Maintaining MomentumSun, 10/22/2017 - 10:42
Mexican regulators have pulled all the stops to provide a regulatory framework that will strengthen every link of the industry’s value chain and guarantee competitive schemes on a level playing field. For the energy industry, 2017 was about maintaining, and even ramping up, the momentum from the year before
While staying true to its objective of increasing electricity generation through clean energy sources up to 35 percent of the country’s total energy mix by 2024, Mexico has also set an ambitious 100 percent coverage goal through the Universal Electric Service Fund, launched in May 2017. The fund is intended to extend CFE’s electricity distribution capacity to the doorstep of remote communities and also to install off-grid systems where extending the grid is not viable. The Ministry of Energy published the first tender for off-grid contracts that will impact 898 municipalities across 11 Mexican states, to install more than 10,000 off-grid systems that will benefit approximately 45,000 habitants, amounting to an investment of US$23 million.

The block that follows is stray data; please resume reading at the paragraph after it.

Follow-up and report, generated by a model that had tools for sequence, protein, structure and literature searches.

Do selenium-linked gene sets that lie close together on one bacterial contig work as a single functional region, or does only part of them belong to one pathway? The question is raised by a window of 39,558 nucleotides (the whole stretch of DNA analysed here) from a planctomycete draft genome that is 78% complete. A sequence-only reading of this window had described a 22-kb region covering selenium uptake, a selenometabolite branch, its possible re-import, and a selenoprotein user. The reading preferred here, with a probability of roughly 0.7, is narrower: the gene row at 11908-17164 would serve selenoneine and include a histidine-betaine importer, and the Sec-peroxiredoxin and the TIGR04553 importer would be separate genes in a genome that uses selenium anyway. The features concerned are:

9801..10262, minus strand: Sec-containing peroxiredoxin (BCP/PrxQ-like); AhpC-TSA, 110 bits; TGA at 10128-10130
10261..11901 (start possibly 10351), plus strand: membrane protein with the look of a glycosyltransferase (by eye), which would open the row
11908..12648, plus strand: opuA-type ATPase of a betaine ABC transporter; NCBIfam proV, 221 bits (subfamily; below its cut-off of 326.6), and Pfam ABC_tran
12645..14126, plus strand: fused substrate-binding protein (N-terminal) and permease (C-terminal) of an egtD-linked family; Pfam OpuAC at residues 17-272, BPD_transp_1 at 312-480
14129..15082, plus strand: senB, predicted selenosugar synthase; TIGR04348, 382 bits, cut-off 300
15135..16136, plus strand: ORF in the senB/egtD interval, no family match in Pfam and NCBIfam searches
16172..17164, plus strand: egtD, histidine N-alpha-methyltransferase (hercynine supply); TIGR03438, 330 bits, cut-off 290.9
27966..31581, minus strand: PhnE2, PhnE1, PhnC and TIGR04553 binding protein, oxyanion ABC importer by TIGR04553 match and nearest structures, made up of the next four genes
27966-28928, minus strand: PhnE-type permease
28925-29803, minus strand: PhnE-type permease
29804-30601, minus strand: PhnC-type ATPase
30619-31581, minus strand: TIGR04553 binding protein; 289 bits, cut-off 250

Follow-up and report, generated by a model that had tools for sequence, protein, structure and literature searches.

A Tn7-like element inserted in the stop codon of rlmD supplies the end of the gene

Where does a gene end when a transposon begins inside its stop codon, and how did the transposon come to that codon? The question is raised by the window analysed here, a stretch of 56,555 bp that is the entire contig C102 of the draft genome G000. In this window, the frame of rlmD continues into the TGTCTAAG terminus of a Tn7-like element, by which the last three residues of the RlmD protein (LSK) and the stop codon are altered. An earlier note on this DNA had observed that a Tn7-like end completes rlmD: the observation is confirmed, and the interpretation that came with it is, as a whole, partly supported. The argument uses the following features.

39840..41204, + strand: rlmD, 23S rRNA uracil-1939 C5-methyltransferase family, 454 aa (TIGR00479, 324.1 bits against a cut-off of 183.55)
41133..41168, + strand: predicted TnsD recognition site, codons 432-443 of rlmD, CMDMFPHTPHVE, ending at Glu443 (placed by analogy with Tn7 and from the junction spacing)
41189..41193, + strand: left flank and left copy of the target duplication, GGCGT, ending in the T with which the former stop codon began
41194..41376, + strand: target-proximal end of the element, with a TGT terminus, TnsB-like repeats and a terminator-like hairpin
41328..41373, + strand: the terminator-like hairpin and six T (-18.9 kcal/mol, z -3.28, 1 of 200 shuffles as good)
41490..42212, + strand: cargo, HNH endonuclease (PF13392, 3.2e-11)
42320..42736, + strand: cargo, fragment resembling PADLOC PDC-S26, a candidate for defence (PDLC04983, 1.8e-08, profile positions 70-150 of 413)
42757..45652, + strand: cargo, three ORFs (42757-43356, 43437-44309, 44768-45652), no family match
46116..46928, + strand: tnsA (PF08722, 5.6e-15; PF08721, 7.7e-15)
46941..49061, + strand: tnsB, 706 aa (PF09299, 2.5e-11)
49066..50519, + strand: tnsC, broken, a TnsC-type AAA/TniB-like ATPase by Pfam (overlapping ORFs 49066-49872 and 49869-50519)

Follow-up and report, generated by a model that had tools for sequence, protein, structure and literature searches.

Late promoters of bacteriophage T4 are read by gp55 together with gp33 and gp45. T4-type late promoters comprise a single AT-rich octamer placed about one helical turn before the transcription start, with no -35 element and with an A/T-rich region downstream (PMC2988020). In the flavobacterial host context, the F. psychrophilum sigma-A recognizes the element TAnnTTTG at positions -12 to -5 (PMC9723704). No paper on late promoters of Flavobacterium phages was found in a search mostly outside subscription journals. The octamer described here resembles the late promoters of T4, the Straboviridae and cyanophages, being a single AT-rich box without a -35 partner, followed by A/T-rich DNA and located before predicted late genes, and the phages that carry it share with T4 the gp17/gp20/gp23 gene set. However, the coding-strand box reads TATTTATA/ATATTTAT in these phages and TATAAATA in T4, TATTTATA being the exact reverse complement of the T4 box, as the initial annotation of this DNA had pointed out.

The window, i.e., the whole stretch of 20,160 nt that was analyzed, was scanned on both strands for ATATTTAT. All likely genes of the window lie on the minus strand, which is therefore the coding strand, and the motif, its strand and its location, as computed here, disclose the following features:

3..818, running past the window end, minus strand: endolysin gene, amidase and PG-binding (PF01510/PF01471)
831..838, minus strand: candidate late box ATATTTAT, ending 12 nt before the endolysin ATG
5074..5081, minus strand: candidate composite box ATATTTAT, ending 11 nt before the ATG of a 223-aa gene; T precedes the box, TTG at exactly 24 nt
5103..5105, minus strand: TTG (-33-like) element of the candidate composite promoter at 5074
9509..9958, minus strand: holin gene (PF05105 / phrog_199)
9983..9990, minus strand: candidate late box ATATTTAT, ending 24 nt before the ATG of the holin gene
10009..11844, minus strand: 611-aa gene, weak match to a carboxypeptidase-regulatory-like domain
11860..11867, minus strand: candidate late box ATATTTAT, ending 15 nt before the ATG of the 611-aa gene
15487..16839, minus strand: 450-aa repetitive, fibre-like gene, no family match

Capitalizing on the success and learning from the results of the first two long-term electricity auctions, the terms for the third long-term auction, published in May, took Mexico’s energy transition one step further, and expectations are high. Minister of Energy, Pedro Joaquín Coldwell, declared this third edition could triple Mexico’s electricity production from clean energy sources, continue the low tariff tendency of the previous two editions and attract an estimated additional US$3 billion in investments. The auction was to take place in November 2017 with the results announced sometime later. One key feature sets apart this third edition: the Clearing Chamber.